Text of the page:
In her abstract on the subject, Dr. Gould cites a study relating to suicidal ideation (Martin, G. 1996. The influence of television in a normal adolescent population. Arch. Suicide Res. 2: 103–117.) in which “students reporting frequent exposure to television suicide reported more suicide attempts.” This means that the glorification of a person’s death can present a compelling case for choosing death to a person who is already actively considering it. Add to that the feeling of being alone in their pain and the rapid sharing of condemnation and bullying via social media and, like Hannah in 13 Reasons Why, it’s possible a depressed teen might be pushed over the edge.

Suicide Warning Signs

Just as with an adult, adolescents who are considering teen suicide generally show unmistakable warning signs. In fact, four out of five teens who attempt to take their life give signals about their intent before their attempt.

These suicide warning signs can be:

  • Feeling down or depressed for more than a week or two
  • Sharing feelings of worthlessness, self-contempt, or of being hopeless and unsure of ever being happy again
  • Making jokes about dying or about suicide
  • Giving away possessions they formerly cared about deeply, such as favorite clothes or  mementos
  • Losing interest in activities or relationships they used to enjoy
  • Talking a lot about the suicide of someone important
  • Isolating themselves
  • May have insomnia or may over-sleep, may be lethargic
  • May exhibit extreme mood swings or have violent outbursts of grief or anger
  • May have had a significant recent loss (for example: they may have lost a close family member, been diagnosed with an serious illness, may have lost their freedom or security in some way)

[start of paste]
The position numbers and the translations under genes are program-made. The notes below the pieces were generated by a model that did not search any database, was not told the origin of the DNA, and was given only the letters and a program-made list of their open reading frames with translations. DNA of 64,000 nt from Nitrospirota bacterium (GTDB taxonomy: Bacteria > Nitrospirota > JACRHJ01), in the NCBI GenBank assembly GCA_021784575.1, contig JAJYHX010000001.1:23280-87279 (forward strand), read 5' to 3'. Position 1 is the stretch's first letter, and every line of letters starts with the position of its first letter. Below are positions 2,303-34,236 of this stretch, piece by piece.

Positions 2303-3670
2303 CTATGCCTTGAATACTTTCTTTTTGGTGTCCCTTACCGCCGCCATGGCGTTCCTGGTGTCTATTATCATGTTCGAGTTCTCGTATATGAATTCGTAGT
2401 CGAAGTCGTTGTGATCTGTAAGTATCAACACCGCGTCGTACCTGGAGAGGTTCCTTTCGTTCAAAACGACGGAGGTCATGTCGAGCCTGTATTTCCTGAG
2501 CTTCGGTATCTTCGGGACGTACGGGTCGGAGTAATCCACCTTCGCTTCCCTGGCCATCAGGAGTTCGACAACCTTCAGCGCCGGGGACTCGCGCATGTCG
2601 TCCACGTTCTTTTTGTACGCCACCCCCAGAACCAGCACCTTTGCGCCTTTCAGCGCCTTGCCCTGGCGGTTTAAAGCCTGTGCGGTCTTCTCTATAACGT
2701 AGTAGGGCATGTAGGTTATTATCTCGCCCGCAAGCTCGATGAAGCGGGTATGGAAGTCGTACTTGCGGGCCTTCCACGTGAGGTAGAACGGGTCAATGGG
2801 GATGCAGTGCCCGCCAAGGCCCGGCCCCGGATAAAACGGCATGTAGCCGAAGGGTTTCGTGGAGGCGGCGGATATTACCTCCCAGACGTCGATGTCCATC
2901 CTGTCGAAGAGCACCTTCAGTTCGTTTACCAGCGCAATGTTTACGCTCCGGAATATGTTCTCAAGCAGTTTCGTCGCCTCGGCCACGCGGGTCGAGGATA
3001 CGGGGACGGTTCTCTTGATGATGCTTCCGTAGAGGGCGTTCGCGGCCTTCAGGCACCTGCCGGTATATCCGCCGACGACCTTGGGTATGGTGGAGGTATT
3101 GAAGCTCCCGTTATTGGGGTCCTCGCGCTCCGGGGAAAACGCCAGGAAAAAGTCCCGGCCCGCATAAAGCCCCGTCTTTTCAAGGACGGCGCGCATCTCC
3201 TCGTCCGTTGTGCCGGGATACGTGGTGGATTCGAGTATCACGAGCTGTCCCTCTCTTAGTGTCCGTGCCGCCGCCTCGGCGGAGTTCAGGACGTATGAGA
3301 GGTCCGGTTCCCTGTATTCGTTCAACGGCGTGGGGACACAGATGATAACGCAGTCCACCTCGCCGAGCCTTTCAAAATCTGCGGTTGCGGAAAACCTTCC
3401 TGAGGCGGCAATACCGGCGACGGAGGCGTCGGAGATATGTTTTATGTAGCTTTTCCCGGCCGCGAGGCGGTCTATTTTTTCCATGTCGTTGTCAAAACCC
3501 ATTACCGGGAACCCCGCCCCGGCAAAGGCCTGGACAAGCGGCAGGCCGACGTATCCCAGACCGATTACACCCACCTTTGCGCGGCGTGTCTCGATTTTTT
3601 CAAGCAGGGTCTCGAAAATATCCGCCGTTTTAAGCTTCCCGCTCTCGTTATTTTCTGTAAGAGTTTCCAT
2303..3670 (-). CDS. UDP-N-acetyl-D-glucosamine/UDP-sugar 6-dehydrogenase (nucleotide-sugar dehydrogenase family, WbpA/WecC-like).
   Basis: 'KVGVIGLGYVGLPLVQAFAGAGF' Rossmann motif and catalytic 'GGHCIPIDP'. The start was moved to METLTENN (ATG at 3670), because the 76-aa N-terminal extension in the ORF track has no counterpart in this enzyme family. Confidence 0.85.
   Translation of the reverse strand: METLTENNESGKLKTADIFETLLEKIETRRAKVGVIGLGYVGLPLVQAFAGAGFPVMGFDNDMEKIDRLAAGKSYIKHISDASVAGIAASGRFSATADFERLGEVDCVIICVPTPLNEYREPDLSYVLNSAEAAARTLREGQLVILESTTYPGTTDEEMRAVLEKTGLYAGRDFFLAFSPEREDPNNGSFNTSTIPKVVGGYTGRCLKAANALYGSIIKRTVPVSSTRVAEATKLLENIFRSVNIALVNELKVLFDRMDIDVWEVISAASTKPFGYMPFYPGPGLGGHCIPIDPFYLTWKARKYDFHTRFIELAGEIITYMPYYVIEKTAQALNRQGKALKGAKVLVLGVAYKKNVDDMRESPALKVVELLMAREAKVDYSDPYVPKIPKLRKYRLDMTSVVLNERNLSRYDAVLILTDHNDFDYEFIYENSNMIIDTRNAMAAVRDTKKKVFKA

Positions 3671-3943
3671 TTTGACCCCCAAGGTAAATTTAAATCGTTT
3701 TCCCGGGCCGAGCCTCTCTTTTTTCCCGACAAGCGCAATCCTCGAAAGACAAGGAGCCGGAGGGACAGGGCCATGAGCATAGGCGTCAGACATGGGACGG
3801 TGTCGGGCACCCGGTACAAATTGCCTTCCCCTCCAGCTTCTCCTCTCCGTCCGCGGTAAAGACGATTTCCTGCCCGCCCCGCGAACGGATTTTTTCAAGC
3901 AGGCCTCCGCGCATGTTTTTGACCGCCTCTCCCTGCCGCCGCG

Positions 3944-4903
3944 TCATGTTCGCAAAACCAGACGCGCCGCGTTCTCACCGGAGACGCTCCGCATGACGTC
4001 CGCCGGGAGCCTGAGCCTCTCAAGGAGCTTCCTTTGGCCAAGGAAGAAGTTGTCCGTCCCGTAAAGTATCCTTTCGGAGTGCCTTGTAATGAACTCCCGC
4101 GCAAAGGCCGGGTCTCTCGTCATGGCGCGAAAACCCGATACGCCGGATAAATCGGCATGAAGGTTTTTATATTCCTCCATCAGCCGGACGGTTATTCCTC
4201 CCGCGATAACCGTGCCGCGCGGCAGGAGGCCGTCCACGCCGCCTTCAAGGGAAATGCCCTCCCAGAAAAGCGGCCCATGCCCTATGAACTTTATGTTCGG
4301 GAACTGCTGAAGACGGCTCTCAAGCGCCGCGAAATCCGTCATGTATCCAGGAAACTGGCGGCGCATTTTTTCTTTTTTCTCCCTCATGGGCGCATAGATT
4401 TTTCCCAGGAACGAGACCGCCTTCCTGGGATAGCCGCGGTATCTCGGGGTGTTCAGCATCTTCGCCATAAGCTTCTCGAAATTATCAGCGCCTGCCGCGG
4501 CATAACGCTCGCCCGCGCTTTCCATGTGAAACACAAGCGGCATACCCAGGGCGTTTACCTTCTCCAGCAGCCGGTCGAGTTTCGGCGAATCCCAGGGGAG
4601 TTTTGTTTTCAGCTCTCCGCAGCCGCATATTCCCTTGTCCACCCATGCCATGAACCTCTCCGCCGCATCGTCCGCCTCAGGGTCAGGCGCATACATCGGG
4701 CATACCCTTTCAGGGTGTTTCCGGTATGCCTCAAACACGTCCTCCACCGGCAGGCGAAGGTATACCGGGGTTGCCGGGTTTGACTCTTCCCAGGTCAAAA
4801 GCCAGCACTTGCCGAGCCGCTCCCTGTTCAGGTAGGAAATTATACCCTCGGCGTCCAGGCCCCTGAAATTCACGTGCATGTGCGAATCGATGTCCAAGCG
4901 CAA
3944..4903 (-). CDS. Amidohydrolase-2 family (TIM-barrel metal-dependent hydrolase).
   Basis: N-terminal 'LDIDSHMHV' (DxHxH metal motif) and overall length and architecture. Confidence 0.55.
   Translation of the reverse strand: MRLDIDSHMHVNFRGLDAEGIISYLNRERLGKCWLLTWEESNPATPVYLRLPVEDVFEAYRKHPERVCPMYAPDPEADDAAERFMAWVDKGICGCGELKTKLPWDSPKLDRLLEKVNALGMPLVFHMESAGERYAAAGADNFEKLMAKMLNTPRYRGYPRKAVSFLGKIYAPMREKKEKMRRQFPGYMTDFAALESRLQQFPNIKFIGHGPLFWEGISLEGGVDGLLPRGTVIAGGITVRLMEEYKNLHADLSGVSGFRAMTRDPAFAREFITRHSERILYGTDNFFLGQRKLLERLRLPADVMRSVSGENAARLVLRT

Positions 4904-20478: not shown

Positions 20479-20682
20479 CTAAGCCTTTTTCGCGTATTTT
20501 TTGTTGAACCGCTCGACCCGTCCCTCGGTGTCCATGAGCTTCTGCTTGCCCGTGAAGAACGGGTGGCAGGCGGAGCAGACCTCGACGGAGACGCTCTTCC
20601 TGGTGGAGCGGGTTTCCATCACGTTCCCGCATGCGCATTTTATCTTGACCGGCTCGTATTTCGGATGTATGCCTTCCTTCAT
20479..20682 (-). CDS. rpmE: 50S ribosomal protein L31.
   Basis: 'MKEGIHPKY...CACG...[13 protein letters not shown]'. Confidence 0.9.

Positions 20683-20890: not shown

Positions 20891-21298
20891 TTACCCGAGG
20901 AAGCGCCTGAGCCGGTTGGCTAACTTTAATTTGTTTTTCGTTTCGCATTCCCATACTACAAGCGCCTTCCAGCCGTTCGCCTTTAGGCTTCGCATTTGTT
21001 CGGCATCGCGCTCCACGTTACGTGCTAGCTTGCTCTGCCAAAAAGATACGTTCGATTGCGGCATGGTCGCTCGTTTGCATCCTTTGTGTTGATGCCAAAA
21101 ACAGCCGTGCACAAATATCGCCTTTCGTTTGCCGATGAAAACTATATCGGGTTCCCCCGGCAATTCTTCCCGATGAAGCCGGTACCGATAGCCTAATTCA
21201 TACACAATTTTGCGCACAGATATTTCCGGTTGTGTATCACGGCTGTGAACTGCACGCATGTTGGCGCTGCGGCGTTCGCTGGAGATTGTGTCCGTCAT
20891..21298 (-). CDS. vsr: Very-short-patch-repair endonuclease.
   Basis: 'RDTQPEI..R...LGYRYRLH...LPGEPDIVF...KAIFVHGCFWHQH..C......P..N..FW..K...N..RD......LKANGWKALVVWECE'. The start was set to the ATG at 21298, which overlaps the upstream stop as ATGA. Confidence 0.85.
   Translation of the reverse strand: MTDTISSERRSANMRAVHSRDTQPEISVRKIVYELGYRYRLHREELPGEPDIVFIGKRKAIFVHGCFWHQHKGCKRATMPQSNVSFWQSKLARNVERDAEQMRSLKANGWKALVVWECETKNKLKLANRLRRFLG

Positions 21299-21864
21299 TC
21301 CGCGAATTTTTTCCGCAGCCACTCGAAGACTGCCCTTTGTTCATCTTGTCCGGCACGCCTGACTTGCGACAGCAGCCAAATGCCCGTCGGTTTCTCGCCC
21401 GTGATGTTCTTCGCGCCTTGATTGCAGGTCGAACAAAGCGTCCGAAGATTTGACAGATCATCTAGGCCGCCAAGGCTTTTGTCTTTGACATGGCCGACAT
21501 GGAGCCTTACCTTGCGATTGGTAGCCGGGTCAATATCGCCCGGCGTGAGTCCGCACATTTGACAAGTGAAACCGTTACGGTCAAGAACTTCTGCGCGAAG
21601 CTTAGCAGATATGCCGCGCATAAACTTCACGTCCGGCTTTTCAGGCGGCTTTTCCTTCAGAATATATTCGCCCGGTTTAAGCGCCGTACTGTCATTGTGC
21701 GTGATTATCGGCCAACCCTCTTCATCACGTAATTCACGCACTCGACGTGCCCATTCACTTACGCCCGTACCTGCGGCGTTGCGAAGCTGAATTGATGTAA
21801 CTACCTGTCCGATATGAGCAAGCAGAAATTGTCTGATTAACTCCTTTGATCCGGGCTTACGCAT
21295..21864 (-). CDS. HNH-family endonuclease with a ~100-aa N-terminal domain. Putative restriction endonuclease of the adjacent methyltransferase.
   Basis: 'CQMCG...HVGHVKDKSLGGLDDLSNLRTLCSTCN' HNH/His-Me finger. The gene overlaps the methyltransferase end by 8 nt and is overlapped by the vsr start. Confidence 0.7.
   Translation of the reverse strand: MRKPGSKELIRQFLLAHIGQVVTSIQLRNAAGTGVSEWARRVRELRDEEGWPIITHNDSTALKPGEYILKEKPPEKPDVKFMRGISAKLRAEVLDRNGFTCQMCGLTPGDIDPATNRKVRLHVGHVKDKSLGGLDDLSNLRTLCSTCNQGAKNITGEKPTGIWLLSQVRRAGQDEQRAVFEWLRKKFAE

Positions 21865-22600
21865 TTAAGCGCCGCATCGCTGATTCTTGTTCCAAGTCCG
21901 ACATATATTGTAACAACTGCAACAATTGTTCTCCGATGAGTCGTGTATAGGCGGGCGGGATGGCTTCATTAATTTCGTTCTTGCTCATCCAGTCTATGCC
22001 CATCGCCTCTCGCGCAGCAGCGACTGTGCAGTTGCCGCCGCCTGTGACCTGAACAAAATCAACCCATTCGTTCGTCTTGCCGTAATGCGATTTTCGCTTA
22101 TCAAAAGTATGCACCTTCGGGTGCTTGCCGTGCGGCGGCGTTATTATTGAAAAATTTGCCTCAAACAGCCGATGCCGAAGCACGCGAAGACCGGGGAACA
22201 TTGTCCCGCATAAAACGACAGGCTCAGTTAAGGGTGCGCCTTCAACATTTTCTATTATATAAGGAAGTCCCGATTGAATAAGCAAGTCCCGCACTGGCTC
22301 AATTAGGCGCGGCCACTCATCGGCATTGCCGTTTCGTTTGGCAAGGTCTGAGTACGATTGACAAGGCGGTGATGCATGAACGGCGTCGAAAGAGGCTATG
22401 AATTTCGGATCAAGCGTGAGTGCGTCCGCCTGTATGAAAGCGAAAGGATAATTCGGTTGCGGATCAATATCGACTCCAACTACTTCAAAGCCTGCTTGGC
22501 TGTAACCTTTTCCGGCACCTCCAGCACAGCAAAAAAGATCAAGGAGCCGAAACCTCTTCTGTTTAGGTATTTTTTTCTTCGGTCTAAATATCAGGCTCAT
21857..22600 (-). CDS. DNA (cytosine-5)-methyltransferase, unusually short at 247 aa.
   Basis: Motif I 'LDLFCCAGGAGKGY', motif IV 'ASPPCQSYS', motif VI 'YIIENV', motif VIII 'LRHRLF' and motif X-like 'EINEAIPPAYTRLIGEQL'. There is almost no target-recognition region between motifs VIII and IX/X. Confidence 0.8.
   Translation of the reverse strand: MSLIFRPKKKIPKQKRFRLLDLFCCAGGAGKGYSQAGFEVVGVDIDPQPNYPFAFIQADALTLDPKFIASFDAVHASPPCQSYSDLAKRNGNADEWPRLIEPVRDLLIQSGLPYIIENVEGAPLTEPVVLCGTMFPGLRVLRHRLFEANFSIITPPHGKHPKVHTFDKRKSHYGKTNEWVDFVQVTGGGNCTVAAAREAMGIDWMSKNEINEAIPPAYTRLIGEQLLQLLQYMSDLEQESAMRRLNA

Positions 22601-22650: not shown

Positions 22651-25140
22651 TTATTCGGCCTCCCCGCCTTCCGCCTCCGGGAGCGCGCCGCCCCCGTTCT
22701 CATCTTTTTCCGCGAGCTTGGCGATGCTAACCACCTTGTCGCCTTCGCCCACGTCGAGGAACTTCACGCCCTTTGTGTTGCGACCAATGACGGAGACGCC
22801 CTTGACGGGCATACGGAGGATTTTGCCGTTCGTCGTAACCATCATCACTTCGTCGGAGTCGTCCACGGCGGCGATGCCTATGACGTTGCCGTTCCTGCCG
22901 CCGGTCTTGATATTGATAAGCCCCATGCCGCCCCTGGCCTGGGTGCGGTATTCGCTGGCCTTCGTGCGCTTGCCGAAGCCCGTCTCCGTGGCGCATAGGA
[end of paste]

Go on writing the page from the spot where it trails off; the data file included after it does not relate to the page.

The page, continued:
• Indulging in high-risk behavior, especially if this is not characteristic of the person
  • An increase in drug or alcohol use

Your teen needs to know you care about them and are taking them seriously. If your adolescent or teen exhibits some of these behaviors and you are concerned, either ask your child directly or have someone they trust ask them if they are considering suicide. It is okay to say the word “suicide” – simply using the word will not increase the chances of them acting on the idea.

If they are considering suicide, show empathy for their feelings and refrain from judging them. Enlist the aid of a mental health professional such as those at our Children’s Center, your child’s pediatrician, or a suicide crisis hotline. The crisis hotline is especially critical if your child is in imminent danger of attempting suicide.

Never leave your child alone if they are threatening suicide. If you believe your child is in immediate danger, call 911 or the National Suicide Prevention Lifeline at 800-273-TALK (800-273-8255) in the United States.

Teen Depression? Our Children’s Center Can Help